PARIS – Europe is falling into a stagnation trap. With growth barely visible, and dangerously low inflation causing real interest rates to rise, the weight of public and private debt has grown very heavy, and many fear that another lost decade is at hand. And, though the threat of eurozone fragmentation has receded, it has not disappeared. Given all of this, Europe is losing relevance internally and externally.
France and Germany – which largely drove European integration for more than six decades – must not resign themselves to this state of affairs. They urgently need a common plan, not mutual recrimination by German supply-siders and French demand-siders.
We find such controversies pointless. Lackluster productivity growth is prima facie evidence of a supply deficiency. The combination of high unemployment and falling inflation is prima facie evidence of a demand shortfall. Interest-rate differentials within the same currency area are prima facie evidence of fragmentation. The truth is that Europe suffers from multiple ills.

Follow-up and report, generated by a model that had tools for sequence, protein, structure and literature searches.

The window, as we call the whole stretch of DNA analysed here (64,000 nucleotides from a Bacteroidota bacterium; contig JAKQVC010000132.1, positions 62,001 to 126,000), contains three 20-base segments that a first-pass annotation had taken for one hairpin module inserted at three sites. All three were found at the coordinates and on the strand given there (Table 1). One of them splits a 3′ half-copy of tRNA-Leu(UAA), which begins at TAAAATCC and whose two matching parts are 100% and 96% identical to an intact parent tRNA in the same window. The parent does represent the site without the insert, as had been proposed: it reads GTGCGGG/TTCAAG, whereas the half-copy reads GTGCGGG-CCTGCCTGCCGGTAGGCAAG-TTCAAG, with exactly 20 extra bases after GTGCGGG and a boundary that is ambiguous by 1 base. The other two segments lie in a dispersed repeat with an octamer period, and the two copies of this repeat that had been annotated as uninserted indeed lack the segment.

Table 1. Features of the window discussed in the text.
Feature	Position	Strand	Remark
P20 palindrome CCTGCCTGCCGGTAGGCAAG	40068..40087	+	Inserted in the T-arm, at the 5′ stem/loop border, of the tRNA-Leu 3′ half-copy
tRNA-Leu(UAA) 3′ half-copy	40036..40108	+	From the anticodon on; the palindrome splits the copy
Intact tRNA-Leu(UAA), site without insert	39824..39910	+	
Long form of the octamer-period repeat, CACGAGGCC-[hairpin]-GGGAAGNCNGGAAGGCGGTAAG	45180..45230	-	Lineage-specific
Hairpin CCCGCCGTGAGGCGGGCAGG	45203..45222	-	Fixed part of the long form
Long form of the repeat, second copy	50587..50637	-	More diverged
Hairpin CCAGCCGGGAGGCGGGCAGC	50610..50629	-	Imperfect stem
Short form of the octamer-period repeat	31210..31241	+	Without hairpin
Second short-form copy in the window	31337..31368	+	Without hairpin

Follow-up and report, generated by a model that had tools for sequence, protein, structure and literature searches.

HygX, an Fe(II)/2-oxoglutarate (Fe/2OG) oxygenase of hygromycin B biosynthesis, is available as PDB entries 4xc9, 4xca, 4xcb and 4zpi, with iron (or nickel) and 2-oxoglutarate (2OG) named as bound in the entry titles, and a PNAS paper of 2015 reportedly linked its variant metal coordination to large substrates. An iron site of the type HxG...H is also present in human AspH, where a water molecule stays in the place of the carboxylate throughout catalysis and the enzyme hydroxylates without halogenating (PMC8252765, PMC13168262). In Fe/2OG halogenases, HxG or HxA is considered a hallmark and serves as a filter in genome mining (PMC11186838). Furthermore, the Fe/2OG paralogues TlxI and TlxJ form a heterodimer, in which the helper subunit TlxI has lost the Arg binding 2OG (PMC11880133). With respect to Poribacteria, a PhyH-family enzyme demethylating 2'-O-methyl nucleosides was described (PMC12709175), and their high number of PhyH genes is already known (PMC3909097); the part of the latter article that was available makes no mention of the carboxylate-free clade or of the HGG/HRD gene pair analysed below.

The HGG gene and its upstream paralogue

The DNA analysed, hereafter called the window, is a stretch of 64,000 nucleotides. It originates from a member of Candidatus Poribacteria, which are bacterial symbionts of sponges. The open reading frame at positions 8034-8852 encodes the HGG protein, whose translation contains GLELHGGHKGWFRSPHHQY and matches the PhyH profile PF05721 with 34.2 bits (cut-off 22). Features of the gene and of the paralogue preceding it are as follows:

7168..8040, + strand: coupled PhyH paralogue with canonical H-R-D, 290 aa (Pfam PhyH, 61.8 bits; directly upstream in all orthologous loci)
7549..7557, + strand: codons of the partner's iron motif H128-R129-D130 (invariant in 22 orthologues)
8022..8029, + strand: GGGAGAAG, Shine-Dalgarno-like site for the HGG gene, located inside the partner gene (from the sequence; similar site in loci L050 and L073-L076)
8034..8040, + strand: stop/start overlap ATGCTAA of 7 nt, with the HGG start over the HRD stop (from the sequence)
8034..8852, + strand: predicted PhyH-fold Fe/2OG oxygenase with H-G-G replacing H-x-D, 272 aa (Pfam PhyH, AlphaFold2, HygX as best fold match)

So action is needed on all three fronts. The question is how to carry it out. If Europe were a single country with a single government, it would adopt a two-handed strategy, combining ambitious pro-growth reforms with fiscal-policy support. The central bank would make it clear that it stands ready – provided that the reforms are real and the commitment to subsequent fiscal consolidation is credible – to serve as a “backstop for government funding” (as European Central Bank President Mario Draghi put it in August).